|Photo: SYSTEMS MAGAZINE, Jul-Aug 1955, contributed by Herb Grosch.|
This brief biographical sketch touches only those portions of Herget's work that were connected with the US Naval Observatory during Wallace Eckert's tenure, and with the Watson Scientific Computing Laboratory at Columbia University. Herget published voluminously; a bibliography can be found in Reference 2 below.
Paul Herget, 1908-1981, pictured above in 1955 at the console of Univac I, the first production electronic digital computer, working on computations to locate the outer moons of Jupiter, particularly Jupiter VIII (Pasiphae), extrapolating from the 1940-42 calculations¹ of Herb Grosch (see Computer, Bit Slices of a Life, Chapter 05, "2500 Hours on a Marchant"), which extended only to 1941.
Herget was an early practitioner of machine methods in solving scientific problems, a field pioneered by L.J. Comrie and Columbia University professor Wallace Eckert and dominated by astronomers who pushed 1930s-era tabulators, sorters, etc, in directions their makers never imagined.
When World War II broke out, Herget, a young astronomy professor at the University of Cincinnati, wanted to contribute his computational talents to the Allied war effort, approaching first the Army at Aberdeen Proving Ground, then the Naval Weapons Center at Dahlgren, Virginia. At Dahlgren he inquired about the Weapons Center's plans to use punched-card equipment; he was told that punched cards were used for payroll, "but they ain't no good" for calculations. So he figured "Boy, if you think they ain't no good, I'm not going to work for you" [Reference 2 below]. He went instead to Washington and joined Wallace Eckert at the Nautical Almanac Office of the US Naval Observatory from 1942 until after the war ended, where he helped to automate production of the American Ephemeris and Nautical Almanac (while Eckert himself tackled the Air Almanac) and also took on special projects such as calculation of spherical triangulation tables for locating the German U-boats that were taking such a heavy toll on Allied shipping in the Atlantic. Working at night (since the machines were used on the day shift for almanac production), Herget and Eckert did the calculations in three months, resulting in a reduction of the casualty rate from 30% to 6%. Herget always regarded the "submarine book" as his greatest accomplishment.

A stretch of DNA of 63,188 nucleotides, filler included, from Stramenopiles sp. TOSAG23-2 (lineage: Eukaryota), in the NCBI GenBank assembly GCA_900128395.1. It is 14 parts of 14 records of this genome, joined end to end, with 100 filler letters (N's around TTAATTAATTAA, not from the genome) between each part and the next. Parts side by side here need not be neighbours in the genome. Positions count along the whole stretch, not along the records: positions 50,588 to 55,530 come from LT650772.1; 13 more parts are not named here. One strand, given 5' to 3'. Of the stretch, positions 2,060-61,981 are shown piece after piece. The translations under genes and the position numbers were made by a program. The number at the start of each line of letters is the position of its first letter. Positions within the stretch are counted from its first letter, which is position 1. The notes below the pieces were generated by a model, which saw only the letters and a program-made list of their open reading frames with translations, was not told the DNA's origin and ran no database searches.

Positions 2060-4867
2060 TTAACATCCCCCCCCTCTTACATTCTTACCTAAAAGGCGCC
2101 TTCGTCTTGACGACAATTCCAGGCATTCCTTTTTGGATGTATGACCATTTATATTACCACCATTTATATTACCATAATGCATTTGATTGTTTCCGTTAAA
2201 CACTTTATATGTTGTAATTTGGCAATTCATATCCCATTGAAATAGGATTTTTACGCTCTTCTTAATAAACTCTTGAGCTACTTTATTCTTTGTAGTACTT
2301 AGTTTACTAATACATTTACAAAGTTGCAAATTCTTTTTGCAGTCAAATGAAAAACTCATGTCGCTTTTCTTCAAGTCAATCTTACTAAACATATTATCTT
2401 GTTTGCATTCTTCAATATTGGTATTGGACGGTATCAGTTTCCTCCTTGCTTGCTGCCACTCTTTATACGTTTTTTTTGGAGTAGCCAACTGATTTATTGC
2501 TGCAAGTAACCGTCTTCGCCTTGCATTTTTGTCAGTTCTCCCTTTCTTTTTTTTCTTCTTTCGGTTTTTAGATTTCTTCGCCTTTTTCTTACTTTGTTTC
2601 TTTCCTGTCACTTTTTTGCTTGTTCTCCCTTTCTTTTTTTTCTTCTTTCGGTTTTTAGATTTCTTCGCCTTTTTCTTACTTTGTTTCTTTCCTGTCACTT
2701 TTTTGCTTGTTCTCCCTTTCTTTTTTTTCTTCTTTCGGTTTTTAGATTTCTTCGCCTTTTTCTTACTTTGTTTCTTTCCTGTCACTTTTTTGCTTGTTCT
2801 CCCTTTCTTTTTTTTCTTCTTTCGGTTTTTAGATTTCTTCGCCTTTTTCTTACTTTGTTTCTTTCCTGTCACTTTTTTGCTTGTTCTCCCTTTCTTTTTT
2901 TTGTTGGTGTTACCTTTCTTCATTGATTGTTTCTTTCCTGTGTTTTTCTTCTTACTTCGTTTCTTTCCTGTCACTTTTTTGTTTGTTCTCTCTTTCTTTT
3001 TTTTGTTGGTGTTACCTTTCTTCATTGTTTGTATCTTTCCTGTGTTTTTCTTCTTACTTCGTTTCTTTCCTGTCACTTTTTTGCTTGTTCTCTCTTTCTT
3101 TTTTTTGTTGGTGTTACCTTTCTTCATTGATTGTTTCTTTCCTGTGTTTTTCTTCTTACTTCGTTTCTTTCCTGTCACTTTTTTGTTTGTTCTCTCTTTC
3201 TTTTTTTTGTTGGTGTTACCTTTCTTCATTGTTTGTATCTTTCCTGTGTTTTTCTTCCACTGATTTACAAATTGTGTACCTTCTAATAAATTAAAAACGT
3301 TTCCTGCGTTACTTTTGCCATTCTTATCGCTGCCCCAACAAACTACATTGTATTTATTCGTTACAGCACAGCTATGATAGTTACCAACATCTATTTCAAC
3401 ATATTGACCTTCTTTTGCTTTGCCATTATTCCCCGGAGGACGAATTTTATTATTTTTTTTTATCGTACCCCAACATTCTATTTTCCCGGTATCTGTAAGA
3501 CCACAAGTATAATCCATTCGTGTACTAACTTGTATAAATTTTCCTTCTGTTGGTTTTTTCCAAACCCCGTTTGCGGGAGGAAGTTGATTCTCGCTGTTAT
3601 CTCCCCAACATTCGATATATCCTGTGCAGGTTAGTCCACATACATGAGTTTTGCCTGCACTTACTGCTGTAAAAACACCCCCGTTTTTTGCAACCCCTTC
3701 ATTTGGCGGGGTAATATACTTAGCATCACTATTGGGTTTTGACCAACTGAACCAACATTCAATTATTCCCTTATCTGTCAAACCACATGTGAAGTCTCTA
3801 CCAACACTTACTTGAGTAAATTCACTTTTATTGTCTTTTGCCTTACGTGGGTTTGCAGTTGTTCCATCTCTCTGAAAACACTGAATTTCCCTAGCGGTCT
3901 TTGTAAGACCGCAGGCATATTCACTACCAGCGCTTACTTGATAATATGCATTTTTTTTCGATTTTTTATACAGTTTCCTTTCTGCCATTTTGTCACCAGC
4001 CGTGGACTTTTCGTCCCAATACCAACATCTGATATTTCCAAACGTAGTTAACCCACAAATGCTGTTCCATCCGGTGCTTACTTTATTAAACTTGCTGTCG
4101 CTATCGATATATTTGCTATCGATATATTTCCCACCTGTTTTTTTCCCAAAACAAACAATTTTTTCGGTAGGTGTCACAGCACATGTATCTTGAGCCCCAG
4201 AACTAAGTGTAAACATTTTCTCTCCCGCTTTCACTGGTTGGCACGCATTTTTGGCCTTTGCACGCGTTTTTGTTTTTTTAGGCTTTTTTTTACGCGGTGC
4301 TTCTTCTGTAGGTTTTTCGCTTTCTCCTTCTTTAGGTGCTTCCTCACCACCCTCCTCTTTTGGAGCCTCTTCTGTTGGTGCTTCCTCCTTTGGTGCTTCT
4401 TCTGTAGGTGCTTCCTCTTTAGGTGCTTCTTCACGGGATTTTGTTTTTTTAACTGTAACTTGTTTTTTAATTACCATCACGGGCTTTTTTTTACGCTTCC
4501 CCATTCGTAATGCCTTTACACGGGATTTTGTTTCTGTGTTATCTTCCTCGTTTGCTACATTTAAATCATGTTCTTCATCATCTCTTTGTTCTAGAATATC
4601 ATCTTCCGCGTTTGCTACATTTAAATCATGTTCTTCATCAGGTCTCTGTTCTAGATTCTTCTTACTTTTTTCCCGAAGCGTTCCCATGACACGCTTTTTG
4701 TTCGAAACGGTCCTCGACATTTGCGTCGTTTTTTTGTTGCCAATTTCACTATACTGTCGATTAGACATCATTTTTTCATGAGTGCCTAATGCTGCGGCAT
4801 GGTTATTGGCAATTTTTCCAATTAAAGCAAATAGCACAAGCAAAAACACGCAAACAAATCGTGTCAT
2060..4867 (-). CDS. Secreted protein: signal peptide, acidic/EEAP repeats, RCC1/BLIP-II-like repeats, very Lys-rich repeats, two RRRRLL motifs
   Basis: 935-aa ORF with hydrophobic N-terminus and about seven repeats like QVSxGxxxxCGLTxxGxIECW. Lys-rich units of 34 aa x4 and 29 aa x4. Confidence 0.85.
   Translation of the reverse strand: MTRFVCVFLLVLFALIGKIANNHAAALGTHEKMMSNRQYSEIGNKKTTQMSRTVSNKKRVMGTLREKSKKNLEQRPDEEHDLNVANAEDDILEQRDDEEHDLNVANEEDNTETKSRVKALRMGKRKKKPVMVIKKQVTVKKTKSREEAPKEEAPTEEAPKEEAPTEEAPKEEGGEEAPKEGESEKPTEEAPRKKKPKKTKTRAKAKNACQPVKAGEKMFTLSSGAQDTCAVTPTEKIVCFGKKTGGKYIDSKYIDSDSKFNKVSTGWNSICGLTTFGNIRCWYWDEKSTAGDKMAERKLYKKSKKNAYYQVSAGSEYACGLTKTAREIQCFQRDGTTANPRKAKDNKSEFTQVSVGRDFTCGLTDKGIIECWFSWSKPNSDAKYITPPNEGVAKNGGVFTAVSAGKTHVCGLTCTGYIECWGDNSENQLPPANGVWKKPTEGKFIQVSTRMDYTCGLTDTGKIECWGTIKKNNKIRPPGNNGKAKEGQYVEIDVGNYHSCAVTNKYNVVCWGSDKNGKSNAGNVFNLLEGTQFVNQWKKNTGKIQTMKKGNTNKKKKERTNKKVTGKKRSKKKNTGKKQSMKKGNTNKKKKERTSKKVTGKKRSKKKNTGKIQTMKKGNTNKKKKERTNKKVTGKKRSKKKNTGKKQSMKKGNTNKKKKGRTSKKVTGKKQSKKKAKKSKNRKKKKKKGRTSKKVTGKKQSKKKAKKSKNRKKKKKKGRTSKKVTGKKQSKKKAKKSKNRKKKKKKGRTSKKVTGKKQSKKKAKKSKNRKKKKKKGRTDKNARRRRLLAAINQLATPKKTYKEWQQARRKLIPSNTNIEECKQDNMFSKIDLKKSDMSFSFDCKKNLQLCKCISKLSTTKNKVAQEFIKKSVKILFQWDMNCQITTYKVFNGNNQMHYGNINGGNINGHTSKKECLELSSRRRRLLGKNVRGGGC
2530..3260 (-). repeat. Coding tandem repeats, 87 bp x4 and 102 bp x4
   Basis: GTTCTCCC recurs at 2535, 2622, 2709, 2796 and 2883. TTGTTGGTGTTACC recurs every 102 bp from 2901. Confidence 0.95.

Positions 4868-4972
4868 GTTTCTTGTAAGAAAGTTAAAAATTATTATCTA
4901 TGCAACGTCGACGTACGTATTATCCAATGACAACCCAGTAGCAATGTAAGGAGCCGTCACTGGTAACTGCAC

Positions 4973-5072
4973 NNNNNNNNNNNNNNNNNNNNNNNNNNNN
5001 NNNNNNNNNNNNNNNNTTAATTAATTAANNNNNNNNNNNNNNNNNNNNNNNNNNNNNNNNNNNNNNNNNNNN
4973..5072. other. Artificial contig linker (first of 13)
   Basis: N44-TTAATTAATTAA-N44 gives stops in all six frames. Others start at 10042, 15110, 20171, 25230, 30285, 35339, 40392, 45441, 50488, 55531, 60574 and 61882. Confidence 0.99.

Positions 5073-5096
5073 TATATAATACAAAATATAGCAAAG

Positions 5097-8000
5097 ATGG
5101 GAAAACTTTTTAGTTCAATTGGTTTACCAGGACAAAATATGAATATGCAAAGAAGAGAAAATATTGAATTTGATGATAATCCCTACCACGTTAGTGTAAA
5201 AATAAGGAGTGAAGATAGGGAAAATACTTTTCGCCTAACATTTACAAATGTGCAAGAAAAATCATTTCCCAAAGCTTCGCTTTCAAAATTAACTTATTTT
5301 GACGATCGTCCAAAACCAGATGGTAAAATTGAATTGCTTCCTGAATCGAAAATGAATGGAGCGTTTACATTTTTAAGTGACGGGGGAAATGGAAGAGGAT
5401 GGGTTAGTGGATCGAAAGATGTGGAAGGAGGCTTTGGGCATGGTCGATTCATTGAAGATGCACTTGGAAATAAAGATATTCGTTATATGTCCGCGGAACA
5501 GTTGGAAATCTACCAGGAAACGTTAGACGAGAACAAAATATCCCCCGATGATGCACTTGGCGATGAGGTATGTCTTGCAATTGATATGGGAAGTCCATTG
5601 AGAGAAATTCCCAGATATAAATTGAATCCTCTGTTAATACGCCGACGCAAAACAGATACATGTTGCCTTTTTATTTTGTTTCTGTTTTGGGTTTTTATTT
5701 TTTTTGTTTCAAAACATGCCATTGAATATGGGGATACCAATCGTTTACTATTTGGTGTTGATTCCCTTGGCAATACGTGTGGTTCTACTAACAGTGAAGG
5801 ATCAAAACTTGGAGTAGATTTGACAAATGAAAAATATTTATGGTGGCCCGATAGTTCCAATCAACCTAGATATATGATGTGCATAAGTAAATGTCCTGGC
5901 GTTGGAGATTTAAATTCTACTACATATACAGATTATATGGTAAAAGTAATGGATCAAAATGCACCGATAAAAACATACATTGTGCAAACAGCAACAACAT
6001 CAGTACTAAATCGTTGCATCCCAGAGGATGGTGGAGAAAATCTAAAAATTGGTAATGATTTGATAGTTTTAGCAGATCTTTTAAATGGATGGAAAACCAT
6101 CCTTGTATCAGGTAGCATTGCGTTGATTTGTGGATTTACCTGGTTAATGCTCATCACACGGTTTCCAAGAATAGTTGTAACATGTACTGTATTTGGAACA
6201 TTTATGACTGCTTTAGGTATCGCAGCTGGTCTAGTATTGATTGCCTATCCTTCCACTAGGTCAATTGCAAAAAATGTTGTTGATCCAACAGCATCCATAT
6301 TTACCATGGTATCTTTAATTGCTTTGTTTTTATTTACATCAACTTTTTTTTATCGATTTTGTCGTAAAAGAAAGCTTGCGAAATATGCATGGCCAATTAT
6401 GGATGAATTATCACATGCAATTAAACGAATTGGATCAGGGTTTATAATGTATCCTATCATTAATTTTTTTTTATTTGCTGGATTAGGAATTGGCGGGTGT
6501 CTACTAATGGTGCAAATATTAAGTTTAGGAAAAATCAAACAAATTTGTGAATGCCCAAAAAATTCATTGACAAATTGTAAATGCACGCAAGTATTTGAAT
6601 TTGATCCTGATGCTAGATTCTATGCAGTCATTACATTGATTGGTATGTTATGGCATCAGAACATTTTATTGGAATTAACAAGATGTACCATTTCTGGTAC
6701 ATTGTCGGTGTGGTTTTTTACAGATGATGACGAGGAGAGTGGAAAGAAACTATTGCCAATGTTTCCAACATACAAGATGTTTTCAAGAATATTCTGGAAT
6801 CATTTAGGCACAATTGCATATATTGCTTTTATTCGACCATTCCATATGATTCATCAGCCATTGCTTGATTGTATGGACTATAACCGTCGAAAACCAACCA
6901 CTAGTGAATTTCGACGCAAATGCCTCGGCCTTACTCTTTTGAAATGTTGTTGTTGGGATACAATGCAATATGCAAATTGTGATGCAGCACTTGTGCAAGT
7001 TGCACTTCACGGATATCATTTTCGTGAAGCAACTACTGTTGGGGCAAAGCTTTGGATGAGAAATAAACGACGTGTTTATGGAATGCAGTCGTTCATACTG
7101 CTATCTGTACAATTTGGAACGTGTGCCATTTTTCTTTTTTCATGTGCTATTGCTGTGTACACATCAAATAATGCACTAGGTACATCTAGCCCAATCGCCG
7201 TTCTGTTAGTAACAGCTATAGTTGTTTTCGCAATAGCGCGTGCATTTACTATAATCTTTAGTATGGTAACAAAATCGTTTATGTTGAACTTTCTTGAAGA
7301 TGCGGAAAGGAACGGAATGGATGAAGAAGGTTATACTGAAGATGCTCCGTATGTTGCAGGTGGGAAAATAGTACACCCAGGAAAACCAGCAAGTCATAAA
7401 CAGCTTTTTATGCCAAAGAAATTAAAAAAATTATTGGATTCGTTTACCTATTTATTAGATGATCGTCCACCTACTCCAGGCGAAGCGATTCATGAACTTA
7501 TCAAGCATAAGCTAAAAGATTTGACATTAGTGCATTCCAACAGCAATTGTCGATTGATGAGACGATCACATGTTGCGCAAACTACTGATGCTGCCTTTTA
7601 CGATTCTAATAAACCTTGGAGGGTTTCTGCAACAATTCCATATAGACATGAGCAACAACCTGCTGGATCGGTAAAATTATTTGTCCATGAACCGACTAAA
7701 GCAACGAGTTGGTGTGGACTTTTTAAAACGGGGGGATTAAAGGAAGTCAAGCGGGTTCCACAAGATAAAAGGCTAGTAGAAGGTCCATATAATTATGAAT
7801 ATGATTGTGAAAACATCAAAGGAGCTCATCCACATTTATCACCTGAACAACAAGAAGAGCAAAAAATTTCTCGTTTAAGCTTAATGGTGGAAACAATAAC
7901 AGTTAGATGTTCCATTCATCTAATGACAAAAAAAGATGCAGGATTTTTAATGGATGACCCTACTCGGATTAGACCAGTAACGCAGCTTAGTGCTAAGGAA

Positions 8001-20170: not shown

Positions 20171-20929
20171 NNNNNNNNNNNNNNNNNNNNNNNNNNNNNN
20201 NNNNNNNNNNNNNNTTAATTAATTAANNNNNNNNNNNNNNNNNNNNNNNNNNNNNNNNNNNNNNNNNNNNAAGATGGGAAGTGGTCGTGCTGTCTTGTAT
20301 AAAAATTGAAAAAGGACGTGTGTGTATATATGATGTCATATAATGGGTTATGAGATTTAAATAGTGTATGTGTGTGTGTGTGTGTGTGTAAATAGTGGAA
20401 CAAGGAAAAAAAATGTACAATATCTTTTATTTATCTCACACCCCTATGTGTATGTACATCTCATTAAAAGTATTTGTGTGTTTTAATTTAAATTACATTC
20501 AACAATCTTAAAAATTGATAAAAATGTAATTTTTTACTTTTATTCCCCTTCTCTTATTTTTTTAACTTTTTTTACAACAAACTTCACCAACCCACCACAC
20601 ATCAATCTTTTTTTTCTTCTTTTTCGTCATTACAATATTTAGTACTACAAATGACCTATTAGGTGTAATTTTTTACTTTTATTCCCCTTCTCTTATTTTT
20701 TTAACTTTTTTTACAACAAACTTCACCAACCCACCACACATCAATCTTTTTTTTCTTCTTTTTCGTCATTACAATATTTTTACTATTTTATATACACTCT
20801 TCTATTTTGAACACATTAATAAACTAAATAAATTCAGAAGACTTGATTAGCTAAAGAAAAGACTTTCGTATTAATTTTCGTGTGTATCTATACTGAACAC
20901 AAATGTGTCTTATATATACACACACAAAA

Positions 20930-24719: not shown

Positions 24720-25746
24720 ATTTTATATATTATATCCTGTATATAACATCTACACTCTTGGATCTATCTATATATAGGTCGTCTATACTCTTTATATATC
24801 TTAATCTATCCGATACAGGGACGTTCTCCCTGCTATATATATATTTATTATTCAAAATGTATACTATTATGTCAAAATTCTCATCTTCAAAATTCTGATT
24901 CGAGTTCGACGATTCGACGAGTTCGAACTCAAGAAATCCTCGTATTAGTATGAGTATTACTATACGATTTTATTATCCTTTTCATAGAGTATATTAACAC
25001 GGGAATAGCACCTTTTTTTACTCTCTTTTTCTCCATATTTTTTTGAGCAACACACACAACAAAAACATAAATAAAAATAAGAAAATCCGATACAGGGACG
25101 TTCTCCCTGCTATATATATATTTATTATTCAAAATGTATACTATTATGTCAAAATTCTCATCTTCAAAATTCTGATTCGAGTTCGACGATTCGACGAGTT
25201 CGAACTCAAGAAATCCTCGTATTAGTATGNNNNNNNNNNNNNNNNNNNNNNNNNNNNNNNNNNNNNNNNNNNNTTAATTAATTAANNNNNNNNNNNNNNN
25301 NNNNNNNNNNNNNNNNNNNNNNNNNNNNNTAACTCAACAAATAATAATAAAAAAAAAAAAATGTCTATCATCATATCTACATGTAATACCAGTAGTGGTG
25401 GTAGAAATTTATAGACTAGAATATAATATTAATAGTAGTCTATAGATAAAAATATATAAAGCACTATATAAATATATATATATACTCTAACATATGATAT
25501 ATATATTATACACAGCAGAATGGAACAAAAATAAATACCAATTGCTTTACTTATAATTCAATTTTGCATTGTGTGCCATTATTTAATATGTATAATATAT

After the War, Herget returned and was named director of the Cincinnati Observatory and resumed his faculty position at the University of Cincinnati. Among other things he was involved in the annual "minor planet" (asteroid) ephemeris calculations for the International Astronomical Union, and in 1947 published a compilation of "Kleine Planeten" tables calculated at Columbia University's Watson Laboratory and elsewhere.
In the mid-1950s, Herget named a recently-discovered asteroid "Norc", after
NORC, the Naval Ordnance Research Calculator,
designed and built at Watson Lab and, for about ten years, the world's most
powerful computer. Herget was a big user of NORC after it left Watson Lab
for its Navy home at Dahlgren, Virginia,
employing it to calculate the ephemerides of Earth and other planets and
their moons, as well as asteroids.